Your Drivers are often first on scene. Do they know what to do?

Step 1 – Assess

Step 1 – Assess

When the unthinkable and unimaginable unfolds right in front of you, such as a catastrophic vehicle crash, a range of emotions and thoughts flood through your body and mind. How we manage these thoughts and emotions in that moment will determine what will roll out over the next few minutes, sometimes hours, possibly the rest of your life. And that is why we need to take the step of ‘Assessing‘ prior to actually acting.

So what does it mean to Assess? I mean, really do it properly? Let’s put a case study in front of you so we can work through it.

You are driving your truck. It’s been a reasonably long day and has pressed into the evening a little. But you are nearly finished. You just wish this drizzling rain would go away. You are stopped at a red light. For an unknown reason, a car directly opposite you shows no sign of slowing as it approaches its red light. Traffic is moving across you from left and right. You tense up cause this doesn’t look like it’s going to work out well! You find yourself saying out loud “Don’t do it! Stop!!” But, no. It continues on into the cross traffic and …… the most almighty crash and destruction scene happens right in front of you like a horror movie. A medium sized sedan is T-boned by a Four Wheel drive with a bullbar.

What now? It’s all too easy to jump from your truck and rush to the scene, but is this really the best first action? Probably not. It will, however, be your first instinct. The bigger the incident, the more the adrenaline will influence your decisions and actions. But you need to pause for a second to be of the most effect here and now. I have a 3 step process to slow me down and bring my ‘rational mind’ back into the game.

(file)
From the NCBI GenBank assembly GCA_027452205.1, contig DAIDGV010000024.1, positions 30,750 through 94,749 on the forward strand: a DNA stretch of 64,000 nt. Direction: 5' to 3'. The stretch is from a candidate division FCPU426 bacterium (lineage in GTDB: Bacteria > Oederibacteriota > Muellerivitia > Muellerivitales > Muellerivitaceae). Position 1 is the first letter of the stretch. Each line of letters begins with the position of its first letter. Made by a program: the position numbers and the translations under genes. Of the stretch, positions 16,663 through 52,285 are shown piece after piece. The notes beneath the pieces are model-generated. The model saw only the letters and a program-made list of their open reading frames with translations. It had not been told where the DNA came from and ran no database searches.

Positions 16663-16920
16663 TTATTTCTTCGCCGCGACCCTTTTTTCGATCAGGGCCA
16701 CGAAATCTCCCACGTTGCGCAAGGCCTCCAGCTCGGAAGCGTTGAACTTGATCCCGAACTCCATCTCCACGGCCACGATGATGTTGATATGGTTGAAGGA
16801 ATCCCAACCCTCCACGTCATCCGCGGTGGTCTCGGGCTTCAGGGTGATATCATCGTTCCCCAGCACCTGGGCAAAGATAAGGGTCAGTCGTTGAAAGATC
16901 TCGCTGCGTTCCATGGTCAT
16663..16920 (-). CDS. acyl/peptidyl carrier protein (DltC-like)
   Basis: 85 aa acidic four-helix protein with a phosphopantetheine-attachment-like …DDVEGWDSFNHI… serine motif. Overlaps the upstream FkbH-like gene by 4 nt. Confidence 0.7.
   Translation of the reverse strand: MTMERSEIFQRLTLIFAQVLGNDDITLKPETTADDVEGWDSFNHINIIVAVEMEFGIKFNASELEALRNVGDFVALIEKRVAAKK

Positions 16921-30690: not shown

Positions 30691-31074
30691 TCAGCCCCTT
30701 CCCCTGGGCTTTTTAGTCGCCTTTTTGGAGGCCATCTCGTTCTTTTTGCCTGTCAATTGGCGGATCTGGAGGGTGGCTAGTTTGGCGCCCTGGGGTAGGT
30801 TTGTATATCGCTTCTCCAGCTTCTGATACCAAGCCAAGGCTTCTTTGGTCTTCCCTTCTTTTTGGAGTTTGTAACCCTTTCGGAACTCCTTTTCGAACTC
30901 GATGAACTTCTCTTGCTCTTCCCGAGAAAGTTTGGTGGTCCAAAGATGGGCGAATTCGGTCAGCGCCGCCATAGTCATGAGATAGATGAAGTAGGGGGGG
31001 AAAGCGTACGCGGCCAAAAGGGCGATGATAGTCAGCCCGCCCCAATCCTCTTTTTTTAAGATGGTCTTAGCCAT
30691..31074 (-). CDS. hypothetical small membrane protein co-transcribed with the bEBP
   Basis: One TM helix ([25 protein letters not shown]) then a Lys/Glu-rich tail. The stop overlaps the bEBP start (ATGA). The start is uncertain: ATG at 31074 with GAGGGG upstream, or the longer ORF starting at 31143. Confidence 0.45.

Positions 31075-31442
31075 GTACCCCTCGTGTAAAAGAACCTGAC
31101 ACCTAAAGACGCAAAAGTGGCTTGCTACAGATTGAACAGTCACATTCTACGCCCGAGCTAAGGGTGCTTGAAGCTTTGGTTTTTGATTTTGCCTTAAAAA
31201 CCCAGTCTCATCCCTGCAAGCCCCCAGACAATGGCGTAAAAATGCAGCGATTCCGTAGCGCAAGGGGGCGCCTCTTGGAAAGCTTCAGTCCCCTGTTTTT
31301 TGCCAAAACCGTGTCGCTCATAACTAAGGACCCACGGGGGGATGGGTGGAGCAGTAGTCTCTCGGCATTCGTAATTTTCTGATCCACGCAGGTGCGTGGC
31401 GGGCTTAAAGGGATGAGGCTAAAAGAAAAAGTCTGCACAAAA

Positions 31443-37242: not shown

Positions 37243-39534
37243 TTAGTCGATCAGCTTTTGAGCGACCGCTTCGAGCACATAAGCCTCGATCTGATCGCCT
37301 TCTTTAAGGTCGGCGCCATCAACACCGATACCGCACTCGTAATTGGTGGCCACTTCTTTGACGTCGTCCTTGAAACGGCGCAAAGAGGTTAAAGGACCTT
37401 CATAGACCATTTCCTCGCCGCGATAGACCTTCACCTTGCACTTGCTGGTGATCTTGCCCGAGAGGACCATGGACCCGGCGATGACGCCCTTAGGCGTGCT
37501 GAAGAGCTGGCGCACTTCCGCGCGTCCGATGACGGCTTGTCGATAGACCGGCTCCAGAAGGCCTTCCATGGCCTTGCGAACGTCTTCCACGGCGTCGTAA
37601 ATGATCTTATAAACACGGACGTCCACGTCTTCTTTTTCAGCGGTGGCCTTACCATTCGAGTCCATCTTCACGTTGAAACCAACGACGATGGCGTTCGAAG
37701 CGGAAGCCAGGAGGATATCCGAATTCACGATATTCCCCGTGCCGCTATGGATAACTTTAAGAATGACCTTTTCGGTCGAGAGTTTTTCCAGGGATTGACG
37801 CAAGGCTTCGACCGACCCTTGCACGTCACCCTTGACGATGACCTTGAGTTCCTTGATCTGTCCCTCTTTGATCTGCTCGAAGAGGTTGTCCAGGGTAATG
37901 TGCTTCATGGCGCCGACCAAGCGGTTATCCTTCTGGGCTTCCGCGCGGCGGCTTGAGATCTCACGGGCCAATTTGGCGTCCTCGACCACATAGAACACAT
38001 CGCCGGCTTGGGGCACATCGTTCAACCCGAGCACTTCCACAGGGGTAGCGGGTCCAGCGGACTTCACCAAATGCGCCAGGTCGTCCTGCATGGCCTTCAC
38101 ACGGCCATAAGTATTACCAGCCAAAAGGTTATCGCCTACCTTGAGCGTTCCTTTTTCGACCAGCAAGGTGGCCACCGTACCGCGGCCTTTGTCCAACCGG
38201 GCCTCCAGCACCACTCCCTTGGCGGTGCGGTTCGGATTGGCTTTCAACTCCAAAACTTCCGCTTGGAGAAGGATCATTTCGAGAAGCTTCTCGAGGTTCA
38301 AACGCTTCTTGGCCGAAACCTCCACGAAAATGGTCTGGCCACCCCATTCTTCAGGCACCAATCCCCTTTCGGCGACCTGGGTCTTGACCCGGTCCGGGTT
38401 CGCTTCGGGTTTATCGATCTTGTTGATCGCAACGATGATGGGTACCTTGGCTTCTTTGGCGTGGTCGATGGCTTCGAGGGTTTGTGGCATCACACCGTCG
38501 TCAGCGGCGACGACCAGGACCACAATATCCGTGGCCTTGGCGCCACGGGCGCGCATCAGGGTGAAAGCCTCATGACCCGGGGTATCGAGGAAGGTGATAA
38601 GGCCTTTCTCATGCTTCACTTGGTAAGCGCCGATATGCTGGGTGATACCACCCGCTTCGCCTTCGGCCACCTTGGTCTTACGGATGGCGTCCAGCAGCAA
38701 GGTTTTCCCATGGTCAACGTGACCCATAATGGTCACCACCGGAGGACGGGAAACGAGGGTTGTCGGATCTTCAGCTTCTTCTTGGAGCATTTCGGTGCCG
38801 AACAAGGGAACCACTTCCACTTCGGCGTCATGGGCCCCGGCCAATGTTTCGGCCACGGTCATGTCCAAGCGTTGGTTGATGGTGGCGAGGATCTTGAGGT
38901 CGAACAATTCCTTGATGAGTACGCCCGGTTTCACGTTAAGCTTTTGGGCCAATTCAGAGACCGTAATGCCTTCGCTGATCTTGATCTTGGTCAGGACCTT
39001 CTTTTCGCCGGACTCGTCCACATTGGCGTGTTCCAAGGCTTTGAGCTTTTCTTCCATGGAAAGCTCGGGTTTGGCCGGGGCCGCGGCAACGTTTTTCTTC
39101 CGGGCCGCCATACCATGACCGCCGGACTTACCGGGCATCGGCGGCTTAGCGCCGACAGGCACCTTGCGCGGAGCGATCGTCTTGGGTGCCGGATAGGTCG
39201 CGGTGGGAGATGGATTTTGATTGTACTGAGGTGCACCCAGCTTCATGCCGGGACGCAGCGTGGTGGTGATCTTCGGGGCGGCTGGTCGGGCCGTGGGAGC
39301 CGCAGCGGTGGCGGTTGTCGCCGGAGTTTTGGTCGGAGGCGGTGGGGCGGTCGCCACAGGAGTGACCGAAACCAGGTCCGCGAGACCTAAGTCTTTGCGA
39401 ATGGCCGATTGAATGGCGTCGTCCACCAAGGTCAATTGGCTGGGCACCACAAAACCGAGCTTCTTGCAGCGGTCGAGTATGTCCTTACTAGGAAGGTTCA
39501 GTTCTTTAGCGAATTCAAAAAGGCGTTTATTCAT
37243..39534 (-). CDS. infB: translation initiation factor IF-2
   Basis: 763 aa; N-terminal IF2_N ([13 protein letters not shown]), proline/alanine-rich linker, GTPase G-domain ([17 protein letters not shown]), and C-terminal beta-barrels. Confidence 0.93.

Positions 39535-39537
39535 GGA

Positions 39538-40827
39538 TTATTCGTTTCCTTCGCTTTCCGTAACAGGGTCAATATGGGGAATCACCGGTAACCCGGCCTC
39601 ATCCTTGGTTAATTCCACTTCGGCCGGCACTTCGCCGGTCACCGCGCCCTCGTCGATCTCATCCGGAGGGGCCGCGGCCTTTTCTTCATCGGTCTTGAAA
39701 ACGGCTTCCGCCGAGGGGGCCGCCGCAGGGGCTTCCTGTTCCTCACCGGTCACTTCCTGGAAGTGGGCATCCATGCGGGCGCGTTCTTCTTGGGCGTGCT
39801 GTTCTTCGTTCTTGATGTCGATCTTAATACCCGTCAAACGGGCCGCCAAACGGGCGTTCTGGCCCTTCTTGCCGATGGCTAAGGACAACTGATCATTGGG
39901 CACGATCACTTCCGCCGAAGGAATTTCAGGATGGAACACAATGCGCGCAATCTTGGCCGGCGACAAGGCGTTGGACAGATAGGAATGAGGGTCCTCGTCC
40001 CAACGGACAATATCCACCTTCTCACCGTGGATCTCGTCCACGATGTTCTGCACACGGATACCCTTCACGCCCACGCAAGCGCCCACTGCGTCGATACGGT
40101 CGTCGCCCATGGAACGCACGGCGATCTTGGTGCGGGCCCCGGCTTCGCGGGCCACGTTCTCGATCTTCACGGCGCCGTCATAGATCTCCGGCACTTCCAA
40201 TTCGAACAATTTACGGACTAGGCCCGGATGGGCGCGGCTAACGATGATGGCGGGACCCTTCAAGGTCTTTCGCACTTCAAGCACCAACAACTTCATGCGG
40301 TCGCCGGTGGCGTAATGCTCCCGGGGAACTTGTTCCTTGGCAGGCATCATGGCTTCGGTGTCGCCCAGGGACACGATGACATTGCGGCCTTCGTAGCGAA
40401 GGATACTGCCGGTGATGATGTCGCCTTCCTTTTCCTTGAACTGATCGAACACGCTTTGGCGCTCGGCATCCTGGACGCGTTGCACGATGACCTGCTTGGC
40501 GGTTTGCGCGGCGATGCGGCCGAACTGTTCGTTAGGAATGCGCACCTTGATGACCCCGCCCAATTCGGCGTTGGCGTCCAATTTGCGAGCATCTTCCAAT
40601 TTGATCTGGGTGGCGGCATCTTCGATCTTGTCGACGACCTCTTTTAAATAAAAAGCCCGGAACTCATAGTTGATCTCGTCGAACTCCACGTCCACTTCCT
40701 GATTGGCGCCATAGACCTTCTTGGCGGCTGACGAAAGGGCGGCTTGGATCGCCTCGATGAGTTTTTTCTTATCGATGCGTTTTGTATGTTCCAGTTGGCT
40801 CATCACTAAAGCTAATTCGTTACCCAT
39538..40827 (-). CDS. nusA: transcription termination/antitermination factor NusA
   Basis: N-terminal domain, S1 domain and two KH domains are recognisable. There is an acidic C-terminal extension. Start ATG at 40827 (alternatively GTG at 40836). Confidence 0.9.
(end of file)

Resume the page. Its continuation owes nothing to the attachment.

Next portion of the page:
1. Feel what’s under my feet. Take note of what I’m standing or resting on.
  2. Look at the sky. Notice the colour, or if dark pick out some stars.
  3. Listen to my breath. This will focus me on how my nerves are progressing.

I use these 3 steps when I suspect I might be rushing, panicking or just moving too quickly to make good decisions. The reality is that this process takes a very short amount of time, maybe 10 seconds at the most, but it means my efficiency increases and my clarity of thought makes for better situational awareness.

So why do I need situational awareness? Because the biggest by product of an event such as a vehicle collision is the Danger that is created to all concerned as a result. We know the patients are in danger, but we now add danger to bystanders and to ourselves as well. And these need to be considered and acted upon as a matter of urgency.

Also as part of your Assess process, it’s going to be a no brainer that emergency services are going to be needed. Sum up the scene in front of you, take a second to think about where you are (location is the single most important detail of the 000 call) and have a quick think about what you are going to say to the 000 call taker. Key words such as “high speed vehicle accident, car struck by another car whilst running red light, there is traffic, pedestrians, fuel spilling, power poles down”, etc. This will enable the call taker to accurately despatch the appropriate resources.


Take a breath, Assess the situation. What dangers exist? What services are needed? And where is the incident?

You will need to follow up with more information in the next step, but what we have talked about here forms the basis of Step 1 – Assess.

So in summary, slow down your mind, get a grasp on the situation with regard to Dangers to yourself, bystanders and the patient/s and make a clear call to 000 with the location and nature of the incident.

The next step is Secure.

Til next time, travel safe.

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